My fifth born was the pretty difficult. After numerous failed attempts with him, I put him back in diapers and waited until he was almost four. One day I took him aside, sat him down, looked him in the eye, and told him clearly and frankly, that he was too old for diapers and from that day forth, he would be expected to use the bathroom. I told him there would be no more diapers and that he would be spanked if he did not �make it.� He already knew all about how to do it, and had demonstrated many times that he could do it, but I reviewed a few things just to make it absolutely clear. I think he only had one " accident" (if you want to call laziness an "accident") the first week, and maybe a total of two or three the entire following month. I followed through a swat on the clothed bottom on those few occasions and that was it. All done with no more laziness problems.

I anticipated that my sixth born would be the biggest challenge of all, since he was with everything else. This was my more impulsive, most active, most difficult to control child. Therefore, I proceeded with caution and dread. I went through my usual routine of checking for readiness, introduced him to the potty, teaching him what to do and so on. I made several failed attempts at actual potty training, but I never put him in training pants. Why set myself and him up for failure and frustration? Eventually I decided to use the method I had used on his next older sibling. I said nothing about the subject for several months - by then he was over 3 � years old. One day when I was positive that he was ready to be train and knew what to do, I sat him down, got his attention, then told him what I expected. It was a very short and firm conversation. I told him he was not to mess in his diaper, period. He was told he would be spanked if he did. The next time he had to do a �big� job, he did it as usual in his diaper. I spanked, firmly and with conviction. I must have got my point across because he only had one minor accident after that.   Two weeks later I repeated the same procedure with the �wetting� part of the deal. I told him I would be checking his diaper and I was NOT to find it wet. The first day I had to spank him once or twice, but only two days later I was able to take his diaper off permanently! By the way, he does not seem emotionally scarred for life because of these very few spankings.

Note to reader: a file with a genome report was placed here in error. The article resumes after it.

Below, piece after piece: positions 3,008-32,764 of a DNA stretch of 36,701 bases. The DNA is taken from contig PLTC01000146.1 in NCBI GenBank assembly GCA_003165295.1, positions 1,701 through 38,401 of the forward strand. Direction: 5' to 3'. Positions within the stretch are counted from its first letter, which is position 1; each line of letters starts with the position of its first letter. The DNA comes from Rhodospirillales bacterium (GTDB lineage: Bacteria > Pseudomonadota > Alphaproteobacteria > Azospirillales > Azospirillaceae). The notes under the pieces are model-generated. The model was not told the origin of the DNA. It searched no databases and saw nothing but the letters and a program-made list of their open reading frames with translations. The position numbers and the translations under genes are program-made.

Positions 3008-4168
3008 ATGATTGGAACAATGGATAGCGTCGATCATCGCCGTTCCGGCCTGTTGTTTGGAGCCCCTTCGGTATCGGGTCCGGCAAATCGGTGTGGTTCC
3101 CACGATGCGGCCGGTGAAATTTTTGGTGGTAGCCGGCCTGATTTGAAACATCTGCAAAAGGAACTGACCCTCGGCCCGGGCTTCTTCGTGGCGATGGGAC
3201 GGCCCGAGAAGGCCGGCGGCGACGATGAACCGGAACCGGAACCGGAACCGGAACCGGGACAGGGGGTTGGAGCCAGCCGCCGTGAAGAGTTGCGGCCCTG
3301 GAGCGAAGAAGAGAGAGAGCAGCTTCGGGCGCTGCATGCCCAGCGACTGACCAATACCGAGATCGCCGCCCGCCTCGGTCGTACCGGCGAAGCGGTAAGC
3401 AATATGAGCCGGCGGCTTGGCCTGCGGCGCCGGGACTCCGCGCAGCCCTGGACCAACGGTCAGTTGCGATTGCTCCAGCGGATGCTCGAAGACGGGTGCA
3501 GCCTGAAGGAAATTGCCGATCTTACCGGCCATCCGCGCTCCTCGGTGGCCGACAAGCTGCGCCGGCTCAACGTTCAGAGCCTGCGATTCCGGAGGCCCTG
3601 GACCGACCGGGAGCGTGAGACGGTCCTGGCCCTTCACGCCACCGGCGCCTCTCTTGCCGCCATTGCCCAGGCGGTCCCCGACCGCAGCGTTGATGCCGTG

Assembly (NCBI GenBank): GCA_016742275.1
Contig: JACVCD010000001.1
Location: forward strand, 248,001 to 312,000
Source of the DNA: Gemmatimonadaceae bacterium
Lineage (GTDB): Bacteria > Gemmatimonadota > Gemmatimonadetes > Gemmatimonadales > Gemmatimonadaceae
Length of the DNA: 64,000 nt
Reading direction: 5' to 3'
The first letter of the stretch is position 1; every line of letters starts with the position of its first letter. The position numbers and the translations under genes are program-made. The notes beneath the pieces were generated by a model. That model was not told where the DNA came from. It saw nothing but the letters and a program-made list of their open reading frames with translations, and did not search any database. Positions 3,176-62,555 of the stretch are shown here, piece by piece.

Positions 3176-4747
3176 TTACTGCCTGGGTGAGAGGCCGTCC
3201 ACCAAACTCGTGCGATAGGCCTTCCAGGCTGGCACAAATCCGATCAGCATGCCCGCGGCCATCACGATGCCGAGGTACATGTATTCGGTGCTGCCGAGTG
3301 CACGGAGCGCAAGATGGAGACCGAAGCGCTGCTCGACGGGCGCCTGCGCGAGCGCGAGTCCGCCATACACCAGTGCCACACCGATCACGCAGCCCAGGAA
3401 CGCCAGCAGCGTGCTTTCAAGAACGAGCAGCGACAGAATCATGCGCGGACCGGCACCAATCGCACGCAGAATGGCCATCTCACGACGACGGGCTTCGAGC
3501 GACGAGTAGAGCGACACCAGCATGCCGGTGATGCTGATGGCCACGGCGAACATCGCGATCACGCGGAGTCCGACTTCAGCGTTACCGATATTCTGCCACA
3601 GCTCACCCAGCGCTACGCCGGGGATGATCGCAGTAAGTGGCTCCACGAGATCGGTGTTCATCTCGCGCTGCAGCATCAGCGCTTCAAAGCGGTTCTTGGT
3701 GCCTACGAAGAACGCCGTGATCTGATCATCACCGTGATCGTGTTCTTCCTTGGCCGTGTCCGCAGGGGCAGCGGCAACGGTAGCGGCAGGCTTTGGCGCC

My eighth born was the easiest of all. He had just turned three, and I had not tried to train him before, except to do the same things I'd done with all the others. First I looked for signs of readiness, especially staying dry all night and for longer stretches during the day. I let him sit on the big potty a few times to get used to it so he was not afraid. Off and on before I started, I told him, as I had the others, with an encouraging smile, things like: "Pretty soon you'll be potty trained, won't it be fun not to wear diapers any more? Then you can use the big potty just like Mommy and Daddy!"  Finally, the day I decided to try potty training him, I just had a little talk with him telling him that there would be no more diapers and that he was a big boy now and had to use the potty. It wasn't a stern talk like I'd had with the two who were the most difficult to train. I did not mention spanking or any punishment. I didn't mention any rewards or treats for that matter either. I put training pants on him and took him to the potty after meals, upon arising, before bed, and once in a while in between. I left a diaper on him at night for about a week or two. I didn't do anything special, or anything different than I had with any of my other children. No threats, no bribery, no spanking, no super-duper praise sessions, no letting him run around bottomless, or anything else unusual. Nevertheless he only had one accident that first day and never another after that. He even consistently came and told me when he had to go potty after that! I don't really get it. He was just personally motivated I guess.  I don't think it was anything special I did. 

Note: For information on potty training a Downes Syndrome child, take a look at this website:

(c) Copyright 2007 L. Elizabeth Krueger.  All rights reserved.
Scripture quotations taken from the NASB.